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Print now  The Ocean warn/ming

Our planet is warming up and the sea feels it. We should imagine ourselves in the same position of a crew crossing an ocean with limited resources. This is a humble article of advice for those who would consciously like to help, coming from the experience of months in the middle of the sea with nothing else to depend on but ourselves

  1. One dollar, one vote: Don’t ask the government to do what you should do yourself. Every time you spend a dollar you are making a choice, you vote. Do your best to give your money to companies who behave properly towards nature and environment.
  2. Carbon dioxide: the oceans absorb one third of the CO2 we produce and contain 50 times the carbon present in the atmosphere. The sea is our carbon sink, and we are turning it more acidic with immense damage. Reduce your carbon footprint and go sailing.
  3. Containers: Always keep in mind that a good part of what warms the planet and damages the sea is due to the transport of goods. mainly through containers. An average of 1500 containers, mainly containing plastic-packaged goods, is lost each year and stay there for ages. It means pollution and danger to sailors. Buy local.
  4. Plastic: when you buy the groceries for a 30 days crossing at sea you realize how much useless plastic there is in packaging. The amount of damage made by plastic is enormous. Just avoid it as much as you can, from plastic bottles to McDonalds cups to plastic bags. Avoid plastic, period.
  5. Water: the average water consumption in europe is 220 litres pppd. On a classic sailboat crossing it can be reduced to 3-4 litres pppd. Get used to save water with simple tricks like having quick showers, brushing teeth without letting the water flowing, and do not rinse the dishes before the dishwasher. And choose a parsimonious garden.
  6. Salt and soil: after plastic, the ocean suffers greatly from increased salinization coming from rivers which also carry phosphates and the soil lost through intensive farming. Please avoid pruducts which make an extensive use of soil and chemical products such as corn glucose and soy. Be aware of what you buy.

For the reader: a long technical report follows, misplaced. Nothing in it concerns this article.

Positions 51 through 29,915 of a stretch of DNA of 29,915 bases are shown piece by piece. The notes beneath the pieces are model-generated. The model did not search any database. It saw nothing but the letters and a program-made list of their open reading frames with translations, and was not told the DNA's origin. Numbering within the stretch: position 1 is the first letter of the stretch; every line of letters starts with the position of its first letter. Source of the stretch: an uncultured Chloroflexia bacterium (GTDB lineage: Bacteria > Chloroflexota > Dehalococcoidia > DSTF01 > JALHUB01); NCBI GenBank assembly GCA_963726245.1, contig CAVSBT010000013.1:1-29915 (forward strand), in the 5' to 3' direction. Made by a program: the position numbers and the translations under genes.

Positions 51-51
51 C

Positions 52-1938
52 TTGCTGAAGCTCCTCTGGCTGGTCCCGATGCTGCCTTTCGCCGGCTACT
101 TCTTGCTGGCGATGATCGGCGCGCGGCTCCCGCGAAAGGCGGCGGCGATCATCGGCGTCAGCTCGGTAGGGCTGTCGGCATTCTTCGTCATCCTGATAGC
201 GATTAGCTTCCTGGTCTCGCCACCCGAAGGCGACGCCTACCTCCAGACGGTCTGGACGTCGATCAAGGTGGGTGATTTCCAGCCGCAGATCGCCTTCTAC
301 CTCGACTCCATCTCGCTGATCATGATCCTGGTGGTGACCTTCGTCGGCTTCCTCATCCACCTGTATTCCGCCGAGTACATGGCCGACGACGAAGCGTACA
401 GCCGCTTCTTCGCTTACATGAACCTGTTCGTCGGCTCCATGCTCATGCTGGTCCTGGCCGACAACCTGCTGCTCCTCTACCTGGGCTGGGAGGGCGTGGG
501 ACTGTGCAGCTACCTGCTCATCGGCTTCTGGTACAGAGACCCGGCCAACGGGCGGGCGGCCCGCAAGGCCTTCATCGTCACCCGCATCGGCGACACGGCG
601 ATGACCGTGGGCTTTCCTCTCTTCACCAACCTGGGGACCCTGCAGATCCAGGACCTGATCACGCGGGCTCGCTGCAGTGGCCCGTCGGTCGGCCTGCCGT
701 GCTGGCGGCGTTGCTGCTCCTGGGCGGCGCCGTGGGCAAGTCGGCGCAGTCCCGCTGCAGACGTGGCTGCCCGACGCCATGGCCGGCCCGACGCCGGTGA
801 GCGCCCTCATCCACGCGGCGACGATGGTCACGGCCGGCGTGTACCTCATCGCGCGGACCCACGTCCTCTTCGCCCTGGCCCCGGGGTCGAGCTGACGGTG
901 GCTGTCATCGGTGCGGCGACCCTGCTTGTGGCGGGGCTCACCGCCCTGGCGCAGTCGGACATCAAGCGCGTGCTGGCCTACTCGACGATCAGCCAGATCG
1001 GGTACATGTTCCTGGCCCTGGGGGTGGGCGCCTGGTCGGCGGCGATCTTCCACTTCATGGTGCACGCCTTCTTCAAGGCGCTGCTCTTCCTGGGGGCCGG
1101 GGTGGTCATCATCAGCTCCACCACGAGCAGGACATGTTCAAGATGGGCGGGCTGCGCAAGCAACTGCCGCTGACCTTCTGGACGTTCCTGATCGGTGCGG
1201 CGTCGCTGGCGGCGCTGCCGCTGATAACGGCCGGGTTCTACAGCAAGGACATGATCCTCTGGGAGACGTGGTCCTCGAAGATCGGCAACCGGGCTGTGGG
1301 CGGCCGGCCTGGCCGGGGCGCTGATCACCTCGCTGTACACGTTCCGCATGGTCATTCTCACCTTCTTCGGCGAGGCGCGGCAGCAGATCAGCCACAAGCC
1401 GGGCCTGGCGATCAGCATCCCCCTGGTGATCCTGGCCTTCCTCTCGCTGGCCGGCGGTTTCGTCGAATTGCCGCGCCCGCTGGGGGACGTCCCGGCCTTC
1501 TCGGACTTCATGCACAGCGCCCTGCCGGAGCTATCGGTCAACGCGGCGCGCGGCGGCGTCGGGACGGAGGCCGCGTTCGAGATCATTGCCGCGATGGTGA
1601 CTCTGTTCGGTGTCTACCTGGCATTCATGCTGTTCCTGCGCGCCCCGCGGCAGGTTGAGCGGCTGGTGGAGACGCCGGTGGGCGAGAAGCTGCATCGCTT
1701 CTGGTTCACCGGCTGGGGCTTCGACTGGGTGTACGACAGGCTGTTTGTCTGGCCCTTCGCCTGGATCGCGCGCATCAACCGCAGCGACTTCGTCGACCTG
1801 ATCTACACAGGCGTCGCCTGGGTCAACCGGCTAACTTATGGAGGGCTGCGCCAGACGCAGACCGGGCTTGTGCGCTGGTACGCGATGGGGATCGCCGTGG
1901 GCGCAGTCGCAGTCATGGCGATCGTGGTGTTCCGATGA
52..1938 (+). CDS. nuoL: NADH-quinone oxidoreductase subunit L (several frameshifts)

7. Electricity: never forget that if you sail or drive on batteries, you do not solve any problem whatsoever, you just consume energy far away from where that energy is produced. Therefore take well into account that the planet has to process not only the production of electricity but also the batteries when you finish using them.
  8. Producing energy: boats, like houses, can nowadays produce energy in various ways, mainly with water/wind generators or solar panels. Most of these systems are subsidized. When making your choices, please consider the efficiency of the whole system you create (including the processing of old solar panels) and keep in mind that
    usually the cheapest the way to go, the kinder on the planet. In boats, after 20 years experience, the most efficient way to produce energy is the diesel engine, which you have to use anyway.
  9. Fish: after sailing most of the Atlantic and the Pacific Ocean, what I learnt of the fishing industry is truly depressing, especially in developing countries where corruption of officials to obtain permits for easy fishing is the norm, and where fishermen are really paid a misery for an incredible amount of work. Huge and powerful companies from Japan, Russia, Spain and China call the shots. Fish farming has been an immense relief on some species (salmon) and from what I hear great progress has been made on the farming methods. Tuna ‘farms’ where wild tuna is trapped, fattened and killed, is on the other side a real horror especially in Spain. I would suggest to go local as much as possible, or buy fish farmed in civilized countries under precise rules. So, as for fruits and vegetables, go local, organically farmed and avoid canned tuna and industrial products with dubious provenance.
  10. Sea mammals: these are the most Amazing creatures, our cousins in the sea. Support Sea Shepherd and boycott countries and products hunting whales.
Print now  The Ocean warn/ming
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